22/05/2017 Share this review   Share on Facebook icon Share on Twitter icon Share on Pinterest icon Share on Google Plus icon Share on Linked In icon Share via Email icon

Knaus StarClass 690 - caravan review

a25963f9-c4e4-4845-a36a-b6837a5756dc

Key Features

  • Model Year : 2017
  • Class : Single Axle
  • Berths : 4
  • Internal Length (m) : 6.30
  • Shipping Length (m) : 8.10
  • MRO (kg) : 1735
  • MTPLM (kg) : 2000
  • Max Width (m) : 2.50
  • External Height (m) : 2.57

The Verdict

Little things like push-tilt positive catches on all lockers, drawers and cabinets, track-mounted spotlights and exterior TV points. Big things like the 190-litre fridge-freezer, the brilliant design of the glass sink cover, the ‘marble’ surfaces and the U-shaped lounge and the size of the caravan. It all adds up to a fabulous package of solidly built luxury.

Score

Videos
 

AT A GLANCE

The German-built Knaus StarClass 690 has this country’s most popular caravan layout, with a transverse island bed.

Pros
  • The 2.5m width
  • The ‘marble’ surfaces
  • The U-shaped lounge
  • The excellent kitchen storage space
Cons
  • The only place to store the table is under the bed
  • The absence of Alde heating in a caravan at this price level

TECHNICAL SPECIFICATION

Model Year
2017
Manufacturer
Knaus Caravans
Class
Single Axle
Range
StarClass
Price From (£)
29999
Berths
4
Shipping Length (m)
8.10
MRO (kg)
1735
MTPLM (kg)
2000
Max Width (m)
2.50
External Height (m)
2.57
End Washroom
Yes
Island Double
Yes
Fixed Singles/Bunks
No
Triple Bunks
No
End Kitchen
No
Back & Front Dinette
No
Side Dinette
No
Caravan Test Date
Caravan Buyer Test Date

DETAILED REVIEW

The German-built Knaus StarClass 690 has this country’s most popular caravan layout, with a transverse island bed.

It’s long, it’s wide, it rides on two axles, it’s in the top weight bracket – and its layout is arguably the best seller of the current era. The new addition to the German-built StarClass portfolio is a big chunk of caravan destined to appeal to discerning buyers who are looking for typically continental - and very appealing – stark styling.

There are 15 twin axle transverse bed, rear shower room caravans on the British market, of which nine are in the luxury class. But none, except the StarClass 690, has a U-shaped lounge. That’s the German stamp of layout style. And it’s lovely.

Our review model came from Barnsdale Leisure, the first retailer to stock StarClass; the first two examples in the six-model range arrived early last year.

The StarClass 690 has a giant fridge freezer and lots of floor space; you especially notice this in the centre of the layout – the distance between the kitchen and the fridge-freezer seems enormous. That’s because this is a maximum-width, 2.5m wide caravan. The advantage of the extra width is also noticeable in the bedroom, where there is plenty of space to walk between the foot of the bed and the wall; no need for a retracting mechanism on this bed!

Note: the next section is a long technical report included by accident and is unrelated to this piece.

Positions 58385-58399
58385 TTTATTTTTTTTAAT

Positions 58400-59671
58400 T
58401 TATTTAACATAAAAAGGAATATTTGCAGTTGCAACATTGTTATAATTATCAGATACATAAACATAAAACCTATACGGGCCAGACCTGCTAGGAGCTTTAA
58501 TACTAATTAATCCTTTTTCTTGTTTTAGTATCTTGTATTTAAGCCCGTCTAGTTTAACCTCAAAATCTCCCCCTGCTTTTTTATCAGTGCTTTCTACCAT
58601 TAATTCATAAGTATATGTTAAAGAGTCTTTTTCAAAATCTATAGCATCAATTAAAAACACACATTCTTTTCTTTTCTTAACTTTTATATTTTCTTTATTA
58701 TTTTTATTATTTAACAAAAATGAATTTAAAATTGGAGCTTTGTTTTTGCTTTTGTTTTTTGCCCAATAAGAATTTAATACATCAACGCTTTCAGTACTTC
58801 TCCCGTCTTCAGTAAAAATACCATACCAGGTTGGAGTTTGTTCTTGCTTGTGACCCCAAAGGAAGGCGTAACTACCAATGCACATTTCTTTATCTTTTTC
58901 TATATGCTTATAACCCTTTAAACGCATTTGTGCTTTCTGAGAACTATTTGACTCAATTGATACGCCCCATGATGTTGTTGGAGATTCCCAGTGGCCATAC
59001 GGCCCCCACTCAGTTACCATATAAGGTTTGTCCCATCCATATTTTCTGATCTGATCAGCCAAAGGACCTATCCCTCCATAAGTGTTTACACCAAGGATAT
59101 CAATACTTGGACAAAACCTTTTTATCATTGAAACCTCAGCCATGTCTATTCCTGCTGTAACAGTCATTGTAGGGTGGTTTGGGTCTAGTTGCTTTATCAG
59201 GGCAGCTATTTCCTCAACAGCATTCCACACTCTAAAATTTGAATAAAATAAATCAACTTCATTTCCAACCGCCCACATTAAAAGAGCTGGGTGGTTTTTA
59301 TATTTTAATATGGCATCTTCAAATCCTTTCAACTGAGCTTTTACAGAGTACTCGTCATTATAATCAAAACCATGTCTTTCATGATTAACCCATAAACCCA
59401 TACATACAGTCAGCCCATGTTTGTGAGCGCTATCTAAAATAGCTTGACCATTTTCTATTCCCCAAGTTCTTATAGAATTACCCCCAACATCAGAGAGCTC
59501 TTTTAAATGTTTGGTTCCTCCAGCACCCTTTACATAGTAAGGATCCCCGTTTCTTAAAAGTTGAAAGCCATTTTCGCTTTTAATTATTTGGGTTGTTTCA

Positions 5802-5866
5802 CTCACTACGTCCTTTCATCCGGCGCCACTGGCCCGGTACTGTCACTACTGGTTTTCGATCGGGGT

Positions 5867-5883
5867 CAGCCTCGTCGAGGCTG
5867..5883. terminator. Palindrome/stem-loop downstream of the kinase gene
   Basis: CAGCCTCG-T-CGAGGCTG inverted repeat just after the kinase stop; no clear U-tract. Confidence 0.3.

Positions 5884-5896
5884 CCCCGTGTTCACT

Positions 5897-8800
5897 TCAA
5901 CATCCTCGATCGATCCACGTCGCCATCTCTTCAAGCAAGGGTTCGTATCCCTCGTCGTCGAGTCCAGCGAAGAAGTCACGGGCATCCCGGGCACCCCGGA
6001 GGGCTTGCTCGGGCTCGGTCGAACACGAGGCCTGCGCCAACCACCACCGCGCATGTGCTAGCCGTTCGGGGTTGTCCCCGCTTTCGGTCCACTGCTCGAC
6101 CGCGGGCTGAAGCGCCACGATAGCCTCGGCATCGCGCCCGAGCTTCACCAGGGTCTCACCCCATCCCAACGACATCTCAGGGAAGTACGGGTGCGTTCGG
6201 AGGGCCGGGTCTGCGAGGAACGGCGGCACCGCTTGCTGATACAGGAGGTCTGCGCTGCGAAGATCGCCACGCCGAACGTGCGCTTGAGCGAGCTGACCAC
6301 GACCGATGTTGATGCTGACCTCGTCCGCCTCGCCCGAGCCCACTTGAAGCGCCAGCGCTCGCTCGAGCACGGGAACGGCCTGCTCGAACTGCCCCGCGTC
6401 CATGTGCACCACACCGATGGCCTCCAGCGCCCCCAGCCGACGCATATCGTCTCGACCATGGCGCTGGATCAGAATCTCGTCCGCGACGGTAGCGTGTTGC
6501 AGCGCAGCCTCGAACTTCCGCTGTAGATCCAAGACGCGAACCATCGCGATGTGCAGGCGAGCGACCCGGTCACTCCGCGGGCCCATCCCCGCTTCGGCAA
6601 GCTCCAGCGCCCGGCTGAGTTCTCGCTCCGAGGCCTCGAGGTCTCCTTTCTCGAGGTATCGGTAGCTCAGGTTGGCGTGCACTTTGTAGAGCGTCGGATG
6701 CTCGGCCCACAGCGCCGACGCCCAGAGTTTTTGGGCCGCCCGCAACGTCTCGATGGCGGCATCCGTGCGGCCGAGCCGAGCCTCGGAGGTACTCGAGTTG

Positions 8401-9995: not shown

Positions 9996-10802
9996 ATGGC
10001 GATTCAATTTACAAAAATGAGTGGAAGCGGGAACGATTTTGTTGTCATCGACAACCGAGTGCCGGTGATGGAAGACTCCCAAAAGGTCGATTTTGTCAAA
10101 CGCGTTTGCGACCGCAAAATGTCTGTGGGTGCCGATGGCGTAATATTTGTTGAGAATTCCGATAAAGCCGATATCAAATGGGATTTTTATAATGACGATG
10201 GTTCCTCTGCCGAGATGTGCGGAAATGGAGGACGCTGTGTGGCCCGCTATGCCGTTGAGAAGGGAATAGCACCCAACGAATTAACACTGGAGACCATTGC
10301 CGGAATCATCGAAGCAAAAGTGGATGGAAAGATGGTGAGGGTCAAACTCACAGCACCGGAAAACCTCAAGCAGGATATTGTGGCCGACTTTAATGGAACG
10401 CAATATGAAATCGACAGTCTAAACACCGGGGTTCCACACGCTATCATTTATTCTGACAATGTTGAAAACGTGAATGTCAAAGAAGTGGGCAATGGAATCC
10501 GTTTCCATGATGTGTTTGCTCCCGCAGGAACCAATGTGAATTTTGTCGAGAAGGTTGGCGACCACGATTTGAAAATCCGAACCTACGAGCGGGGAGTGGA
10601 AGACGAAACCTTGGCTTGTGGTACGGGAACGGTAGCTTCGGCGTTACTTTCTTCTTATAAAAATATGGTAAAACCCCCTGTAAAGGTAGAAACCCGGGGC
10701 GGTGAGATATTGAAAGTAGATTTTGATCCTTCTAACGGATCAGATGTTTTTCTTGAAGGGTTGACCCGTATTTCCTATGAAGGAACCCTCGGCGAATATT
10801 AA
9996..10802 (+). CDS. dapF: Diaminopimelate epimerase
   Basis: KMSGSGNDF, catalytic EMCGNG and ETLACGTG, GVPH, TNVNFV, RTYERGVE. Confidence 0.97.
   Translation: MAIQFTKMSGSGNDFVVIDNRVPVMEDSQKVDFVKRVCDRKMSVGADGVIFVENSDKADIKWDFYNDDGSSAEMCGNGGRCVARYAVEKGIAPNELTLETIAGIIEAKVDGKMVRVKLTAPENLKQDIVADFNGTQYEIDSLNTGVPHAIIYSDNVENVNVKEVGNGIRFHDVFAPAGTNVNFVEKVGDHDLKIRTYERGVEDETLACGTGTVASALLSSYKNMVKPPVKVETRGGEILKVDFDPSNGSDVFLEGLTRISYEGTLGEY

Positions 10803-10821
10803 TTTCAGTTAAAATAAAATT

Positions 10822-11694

Our review day at Harrogate’s beautiful Rudding Holiday Park was harshly cold so a real test of the warm-up speed of the 6KW Truma heating system. From when it first whirred into action to feeling comfortably warm was a mere 30 minutes.

Our review model has the optional extra Dometic roof-mounted air conditioning unit that adds £2000 to the price (we won’t be testing its efficiency today!), a wind-out canopy awning (an extra £1200), a bed set made to measure by Jonic and leather upholstery (£199).

The fully-loaded StarClass looks awesomely luxurious and the more we examine it, the more we begin to appreciate the details like spotlights on tracks on each side of the lounge, plus the surfaces of the kitchen, table and dressing table that do look like black marble. There’s a detail in the shower room to add to the list of StarClass distinctive features, too.

Showering

The tap sends water cascading down a channel; it's super-stylish. Black ‘marble' makes an appearance here, too; the basin is flush-set into a marble plinth, it looks gorgeous. Practicality comes in spades in the little room, with plenty of floor space (95cm deep), a small wardrobe (25cm wide with two shelf spaces beneath the hanging area) and a ceramic toilet.

Two wall-mounted lights illuminate the mirrored over-basin cabinet beautifully. It’s a delightfully luxurious preening department, with a shower measuring 80 x 69cm; that’s plenty large enough.

Our review model is the prototype; production models will have a sliding door from the washroom to the bedroom.

Sleeping

The bed is 1.9m long and 1.4m wide at its widest point, tapering on both sides to 90cm. The double taper gives you more floor space, but it does diminish sleeping area. At first glance, we were not sure that's an excellent idea. But, lying on the bed (only briefly, you understand!) we decided we wouldn’t notice the taper.